In its very simplest form, the present invention is formed of a single piece of high dielectric constant material that can be readily machined. One portion of the material forms the antenna and is in a configuration that continuously reduces in cross section to a sharp point or edge. An iris is formed in the dielectric material by reducing the cross section of the material, for example, by providing a hole through the dielectric material or by providing a pair of slots in the material. For ease of fabrication, the slots are symmetrical. The balance of the structure forms the microwave cavity portion and is completed by having the microwave cavity portion covered with a conductive material. A convenient material would be gold and a convenient method of applying this material to the microwave cavity portion to form an actual microwave resonant cavity would be by plating the gold onto the solid dielectric material. A hole is placed in the center of the microwave cavity portion and provides surface means that are adapted to mount a microwave energy generator such as a Gunn diode, Impatt diode or Baritt diode. With the arrangement thus described, it is possible to fabricate a microwave element having the antenna, iris and microwave resonant cavity as a substantially unitary member of exceedingly small dimensions. This arrangement also provides for a very inexpensive method of manufacture, thereby providing a microwave element that would have many applications, such as proximity sensing or intrusion detection. The specific manner of carrying out the invention and some typical examples of the materials used will be brought out in connection with the description of the preferred embodiments.
FIG. 1 is a top view of a microwave element;
FIG. 2 is a side view of FIG. 1;
FIG. 3 is a top view of a second version of a microwave element;
FIG. 4 is a side view of FIG. 3;
FIG. 5 is a top view of a further microwave element;
FIG. 6 is a cross section of the element of FIG. 5 taken along line 6--6;
FIG. 7 is a cross section of a microwave element showing the mounting of a diode in the microwave cavity;
FIG. 8 is a polar graph of a typical antenna pattern generated by one model of the novel microwave element;
FIG. 9 is a partial cross section of a prior art device;
FIG. 10 is a partial cross section of a microwave element showing the introduction of a modulation signal;
FIG. 11 is a block diagram of the invention used in a system without modulation, and;
FIG. 12 is a block diagram of the invention used in a system with modulation.
In FIGS. 1 and 2 there is disclosed a first microwave element generally disclosed at 10 and which includes an antenna portion 11, an iris 12, and a microwave cavity portion 14. The disclosed microwave element 10, in the configuration disclosed in FIGS. 1 and 2, is fabricated from a single piece of material that is substantially uniform in composition and generally will be referred to as a monolithic dielectric means or material. Microwave elements of the type disclosed at 10 have been manufactured from such high dielectric constant materials as Stycast HiK and Beryllium oxide. These two high dielectric constant materials have a dielectric constant of approximately six as opposed to the dielectric constant of one for air. These materials are referred to sometimes as ceramics. The Stycast HiK material is capable of being machined without any great difficulty. The Beryllium oxide material is formed in the soft green state. The present invention can be carried out with any type of dielectric means but are preferably made using a relatively high dielectric constant material. In connection with the description of the various embodiments, for simplicity sake, the material will simply be referred to as a monolithic dielectric material.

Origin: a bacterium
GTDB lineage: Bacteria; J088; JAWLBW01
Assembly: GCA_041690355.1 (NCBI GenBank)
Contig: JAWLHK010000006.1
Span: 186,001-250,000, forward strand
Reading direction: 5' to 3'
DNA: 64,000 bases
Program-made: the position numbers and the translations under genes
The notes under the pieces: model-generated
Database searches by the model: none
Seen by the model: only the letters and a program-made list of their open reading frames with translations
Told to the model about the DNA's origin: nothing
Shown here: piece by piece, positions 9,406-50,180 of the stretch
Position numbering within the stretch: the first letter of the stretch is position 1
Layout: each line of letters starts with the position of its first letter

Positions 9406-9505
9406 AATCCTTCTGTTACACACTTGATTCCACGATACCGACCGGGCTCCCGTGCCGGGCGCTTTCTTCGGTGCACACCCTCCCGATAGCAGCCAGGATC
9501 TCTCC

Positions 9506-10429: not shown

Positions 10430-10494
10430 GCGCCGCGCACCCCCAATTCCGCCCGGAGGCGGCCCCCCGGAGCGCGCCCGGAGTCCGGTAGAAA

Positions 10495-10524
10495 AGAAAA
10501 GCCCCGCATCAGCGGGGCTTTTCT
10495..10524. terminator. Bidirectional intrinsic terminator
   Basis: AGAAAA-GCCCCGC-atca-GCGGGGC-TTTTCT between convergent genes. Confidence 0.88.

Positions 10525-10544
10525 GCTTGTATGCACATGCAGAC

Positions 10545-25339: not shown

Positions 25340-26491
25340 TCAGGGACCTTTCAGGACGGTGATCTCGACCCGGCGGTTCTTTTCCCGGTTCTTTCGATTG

The microwave element 10 is basically flat in height, thereby yielding a rectangular cross section at any point in its length. The antenna portion 11 has a pair of parallel sides 15 and 16 extending from the iris 12 towards a pair of tapered sides 17 and 18. The two tapered sides 17 and 18 converge to a tip or edge 20 so that it becomes apparent that the antenna portion 11 has a reduced cross section opposite from the iris 12 and that this reduced cross section terminates in a continuously diminishing configuration in the form of a sharp edge 20. As will be noted in FIG. 2, the thickness or height of the microwave element 10 remains substantially constant throughout its length.